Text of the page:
Mother woke so suddenly that it was almost theatrical. Her eyes fluttered and stayed oddly flat for a few moments, taking us in. Then she sat up straight and bolted towards the door of the building where firemen fought the flames. Yue-Wan had to grab her by the waist and pull her back, writhing like an ashen snake. The morning dawned red as the New Year. The fire had stayed in our flat. No one was hurt. We watched from the ground, Xia-Li with her thumb in her mouth, Yue-Wan with her arms wrapped around her knees, as Mother came down the staircase, cradling the spout of her teapot in her hands, the cold, mangled dregs that remained of her China. Her eyes were hollow and I was the only one who wept.
‘You Brought Clarity Amidst Confusion’ by Lauren Baker. Mixed Media on Canvas.
Ink Splatters on Flesh Taylor Findlay your opinions, keep to your principles; change “C hange your leaves, keep intact your roots.” Simply put, know
who you are, keep your morals, but always be open-minded. Victor Hugo’s preceding quote plays as a reminder that we come from places. We come from people, we come from backgrounds, we have a history, and consequently, our roots have been planted. However, these are not the barricades in which we must constrain ourselves. Growing up is a necessary part of life, but so is growing out. Growing out of comfort zones, ideologies and, sometimes, out of what has been previously taught to us. One of the definitions of ‘Roots’ in the dictionary is “the basic cause, source, or origin of something.” Finding a way to represent our beginnings can be a strenuous task, as you find yourself trying to sum up something that carries so much weight and detail, but must be displayed in one small act. As John Green once said, “Maybe our favourite quotations say more about us than about the stories we’re quoting.” Quotes, and language as a whole, have a way of rooting themselves within us. Literature provides a connection we may not be able to make with people, even the family and friends we hold so near. However, the identification that can be found within literature – written by someone we most likely have never met previously – can be an extremely liberating experience. Virginia Woolf sings literature’s praises as she writes in A Room of One’s Own,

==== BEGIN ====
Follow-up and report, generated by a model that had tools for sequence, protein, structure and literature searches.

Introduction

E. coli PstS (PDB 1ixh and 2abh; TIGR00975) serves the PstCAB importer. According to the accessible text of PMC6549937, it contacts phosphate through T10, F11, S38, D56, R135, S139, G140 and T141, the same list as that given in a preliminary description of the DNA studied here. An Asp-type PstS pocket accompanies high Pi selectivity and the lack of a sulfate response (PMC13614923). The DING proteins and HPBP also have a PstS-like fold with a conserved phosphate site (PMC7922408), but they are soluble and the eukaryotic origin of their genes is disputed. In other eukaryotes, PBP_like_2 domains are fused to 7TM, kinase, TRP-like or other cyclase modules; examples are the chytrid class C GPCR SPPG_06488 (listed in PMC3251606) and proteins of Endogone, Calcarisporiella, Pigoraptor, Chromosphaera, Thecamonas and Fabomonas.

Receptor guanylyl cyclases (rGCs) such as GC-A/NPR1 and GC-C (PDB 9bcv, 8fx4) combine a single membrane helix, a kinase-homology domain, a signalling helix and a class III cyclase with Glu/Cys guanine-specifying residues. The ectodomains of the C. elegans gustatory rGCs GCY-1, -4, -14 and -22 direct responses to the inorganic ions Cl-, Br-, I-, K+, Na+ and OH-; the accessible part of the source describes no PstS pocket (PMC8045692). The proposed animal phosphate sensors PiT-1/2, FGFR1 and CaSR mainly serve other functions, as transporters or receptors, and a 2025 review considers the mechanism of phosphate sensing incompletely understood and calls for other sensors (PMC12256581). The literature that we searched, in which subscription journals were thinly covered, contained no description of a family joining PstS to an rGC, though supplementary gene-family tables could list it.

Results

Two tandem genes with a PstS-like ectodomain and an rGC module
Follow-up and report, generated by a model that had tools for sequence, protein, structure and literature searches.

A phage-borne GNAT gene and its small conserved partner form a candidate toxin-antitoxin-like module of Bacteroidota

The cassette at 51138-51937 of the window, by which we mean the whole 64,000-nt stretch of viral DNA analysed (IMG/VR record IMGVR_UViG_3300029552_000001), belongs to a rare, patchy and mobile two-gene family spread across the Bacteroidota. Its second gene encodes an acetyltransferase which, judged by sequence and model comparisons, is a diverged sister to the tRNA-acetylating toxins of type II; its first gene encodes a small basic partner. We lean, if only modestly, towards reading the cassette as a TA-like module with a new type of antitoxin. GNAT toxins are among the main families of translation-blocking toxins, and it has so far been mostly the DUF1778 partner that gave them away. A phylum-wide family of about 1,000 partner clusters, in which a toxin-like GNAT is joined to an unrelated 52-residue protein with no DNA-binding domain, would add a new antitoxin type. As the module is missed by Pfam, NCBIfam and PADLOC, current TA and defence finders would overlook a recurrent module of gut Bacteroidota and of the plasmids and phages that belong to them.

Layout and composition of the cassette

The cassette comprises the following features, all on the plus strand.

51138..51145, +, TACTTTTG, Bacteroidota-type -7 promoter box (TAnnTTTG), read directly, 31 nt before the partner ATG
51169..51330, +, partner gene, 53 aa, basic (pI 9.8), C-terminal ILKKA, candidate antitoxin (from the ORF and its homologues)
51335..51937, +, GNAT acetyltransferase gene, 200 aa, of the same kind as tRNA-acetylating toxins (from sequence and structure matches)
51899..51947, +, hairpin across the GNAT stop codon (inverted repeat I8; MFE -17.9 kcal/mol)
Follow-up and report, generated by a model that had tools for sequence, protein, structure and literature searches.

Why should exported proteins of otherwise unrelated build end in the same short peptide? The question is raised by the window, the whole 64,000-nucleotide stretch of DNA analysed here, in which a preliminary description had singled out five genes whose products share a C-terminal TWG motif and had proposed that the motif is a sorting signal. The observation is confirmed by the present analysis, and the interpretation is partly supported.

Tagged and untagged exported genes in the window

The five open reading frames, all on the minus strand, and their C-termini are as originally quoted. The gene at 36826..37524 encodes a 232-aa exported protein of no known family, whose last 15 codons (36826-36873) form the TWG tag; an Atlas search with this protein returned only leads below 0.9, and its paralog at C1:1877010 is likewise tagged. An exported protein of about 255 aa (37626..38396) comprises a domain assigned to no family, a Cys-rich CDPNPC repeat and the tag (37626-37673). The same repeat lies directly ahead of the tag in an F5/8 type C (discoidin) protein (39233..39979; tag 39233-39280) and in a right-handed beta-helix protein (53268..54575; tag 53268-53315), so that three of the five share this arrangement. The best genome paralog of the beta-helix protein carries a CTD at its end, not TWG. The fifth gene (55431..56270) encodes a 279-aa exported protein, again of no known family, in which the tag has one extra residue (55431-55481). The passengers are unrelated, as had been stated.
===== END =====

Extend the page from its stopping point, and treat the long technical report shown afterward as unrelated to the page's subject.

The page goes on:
<‘Electric Aura’ by Lauren Baker, Mixed Media on Canvas.<
“Literature is strewn with the wreckage of those who have minded beyond reason the opinion of others.” Therefore, is it so strange that we may find words printed on a page that encourage us to print them on our bodies? Is it so different to want to be able to wake up every morning and remind ourselves that our past has made us, and our roots still hold strong, no matter the hardship or the toil that may have been endured to get us where we are today? The ways in which we, as humans, choose to face and appreciate the places in which we come from can differ. In literature I found home, a sort of solace I knew had always been there. Through my chosen literary journey, I found pieces of myself within characters. And not just parts that I already possessed, but others that I wanted to be. I recognised the evolution of madness progress in Esther Greenwood from The Bell Jar as she comes to realise that the life her parents planned out for her is not at all what she wants. Jane Eyre brought me peace, as her struggle to find the type of freedom that suits her was a problem I was trying to solve at the time. Although these heroic women were talking about their impending futures and changes they wanted to bring to it, it is imperative to the story – and to the reader experiencing these pieces of literature – that though there is knowledge the future